She also knows how to protect her offspring like a mother bulldog, so I will say nary a word about the kids. But may I say a utter a "tsk tsk" regarding her husband? He's a grownup, no? Then why doesn't he dress like one? During his wife's recent gosh-darn-it resignation festivities, she was resplendent in an I'm-outta-here business suit while he was sat on stage sporting jeans and a parka-type vest. It was disappointing, to say the least. I feel just as disgruntled when I see people wearing shorts and a T-shirt to a funeral. (My humble theory is if the deceased can dress appropriately for the burial, so can the mourners.)

Yes, yes, I realize that I'm ranting a bit, but have I made my thoughts about direct sentences and dressing-for-success clear? Good. Try it some time, Sarah - ya'll might like it.


(Lotsa) Child's Play

Boo hiss on the morons who gave the visiting campers the evil eye at the swim club outside of Philadelphia. Where do they think they are, in the cast of Stepford Wives? Imbeciles. No excuse for their bigotry. But I think there is one factor that people seem to have overlooked in this case: 60+ kids. Have you been around a crowd of 60 kids lately? God love them and all, but 60 kids together at camp can make some noise. Do you remember being at camp as a kid? You're with your buddies and your parents aren't around and you're revved-up for fun - loud fun! So if you're lounging at your pool and 60 kids come in with eight camp counselors, you're gonna notice. If those kids are white, black, brown, green, striped or polka-dotted, you're probably going to say to yourself, "Uh, oh, there goes my quiet time" - or that's what I'd think. Keep in mind that I love kids and I was, for a brief period of time, a kid myself, so it's nothing personal. It's just that 60 kids reminds me of my crowded grade school class where 50 or more young students were squeezed into one classroom - it was a kid-concentrated mass that eventually sent more than one nun to a "rest home." So let's say it once again, those people who looked at the campers in horror because of the color of their skin, get off your racist horse and join the 21st century. To the moron manager who agreed to let 60 extra kids in the pool, where was your brain? Kids, gotta love 'em, just don't want to spend a summer afternoon with five dozen of them.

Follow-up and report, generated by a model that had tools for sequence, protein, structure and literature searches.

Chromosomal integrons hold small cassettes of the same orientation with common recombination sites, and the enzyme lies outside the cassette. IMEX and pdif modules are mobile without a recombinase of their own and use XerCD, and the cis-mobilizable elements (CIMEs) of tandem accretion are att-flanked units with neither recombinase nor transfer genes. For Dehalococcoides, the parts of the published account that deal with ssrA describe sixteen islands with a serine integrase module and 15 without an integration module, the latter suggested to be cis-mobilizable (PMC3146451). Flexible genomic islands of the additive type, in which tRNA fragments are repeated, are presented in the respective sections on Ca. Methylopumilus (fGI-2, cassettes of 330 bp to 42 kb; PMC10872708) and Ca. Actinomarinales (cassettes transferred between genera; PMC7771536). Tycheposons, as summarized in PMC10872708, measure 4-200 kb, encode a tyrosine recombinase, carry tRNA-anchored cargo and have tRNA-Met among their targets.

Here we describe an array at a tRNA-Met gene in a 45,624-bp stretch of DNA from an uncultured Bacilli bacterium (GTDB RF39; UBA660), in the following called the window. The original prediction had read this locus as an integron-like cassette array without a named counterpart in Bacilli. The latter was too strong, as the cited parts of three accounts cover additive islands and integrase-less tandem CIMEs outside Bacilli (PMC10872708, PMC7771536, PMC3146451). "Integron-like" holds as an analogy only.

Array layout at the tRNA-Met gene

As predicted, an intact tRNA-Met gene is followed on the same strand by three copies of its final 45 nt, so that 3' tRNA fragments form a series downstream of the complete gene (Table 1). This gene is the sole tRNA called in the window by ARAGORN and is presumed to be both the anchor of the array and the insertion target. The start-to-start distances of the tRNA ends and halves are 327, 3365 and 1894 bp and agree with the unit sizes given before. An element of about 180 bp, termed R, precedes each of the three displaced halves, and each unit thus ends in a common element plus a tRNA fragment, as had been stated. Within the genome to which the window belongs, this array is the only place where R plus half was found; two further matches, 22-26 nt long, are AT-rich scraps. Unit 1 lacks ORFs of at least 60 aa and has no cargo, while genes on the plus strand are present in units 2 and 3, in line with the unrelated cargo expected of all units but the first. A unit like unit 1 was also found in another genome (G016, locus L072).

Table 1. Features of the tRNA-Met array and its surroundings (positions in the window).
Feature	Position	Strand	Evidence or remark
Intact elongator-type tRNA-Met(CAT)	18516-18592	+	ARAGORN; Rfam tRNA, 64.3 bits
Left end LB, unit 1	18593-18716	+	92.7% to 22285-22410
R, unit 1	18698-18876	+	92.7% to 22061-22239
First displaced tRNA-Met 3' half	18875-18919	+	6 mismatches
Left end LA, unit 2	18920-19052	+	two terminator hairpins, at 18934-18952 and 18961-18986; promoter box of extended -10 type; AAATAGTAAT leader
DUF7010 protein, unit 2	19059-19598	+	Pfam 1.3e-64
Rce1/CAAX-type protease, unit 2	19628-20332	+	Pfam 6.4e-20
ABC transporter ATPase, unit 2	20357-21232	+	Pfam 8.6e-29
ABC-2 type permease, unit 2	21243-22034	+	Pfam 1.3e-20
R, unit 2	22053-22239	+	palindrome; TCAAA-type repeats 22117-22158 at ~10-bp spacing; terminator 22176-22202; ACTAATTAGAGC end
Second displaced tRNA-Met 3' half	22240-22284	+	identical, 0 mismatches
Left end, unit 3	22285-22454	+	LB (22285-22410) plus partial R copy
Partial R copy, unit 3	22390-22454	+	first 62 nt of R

Heaven, I'm in Heaven...

I have two words for you this week: Gerard Butler.

Saw him in a Scottish DVD "Dear Frankie" in which he was simply spellbinding (as was everyone else in the cast).

Turns out he was also in some movies I'll probably never see ("3000") and some I loved ("Mrs. Brown") and this summer he'll appear in a new release, "The Ugly Truth" with Katherine Heigl. They are advertising this film on television commercials every eight minutes or so, which my sister says is a sure fire means of predicting that it will be a stinker. But don't you see? I don't care if it's rubbish. I'm going anyway. Why? I told you, two very appealing words: Gerard Butler.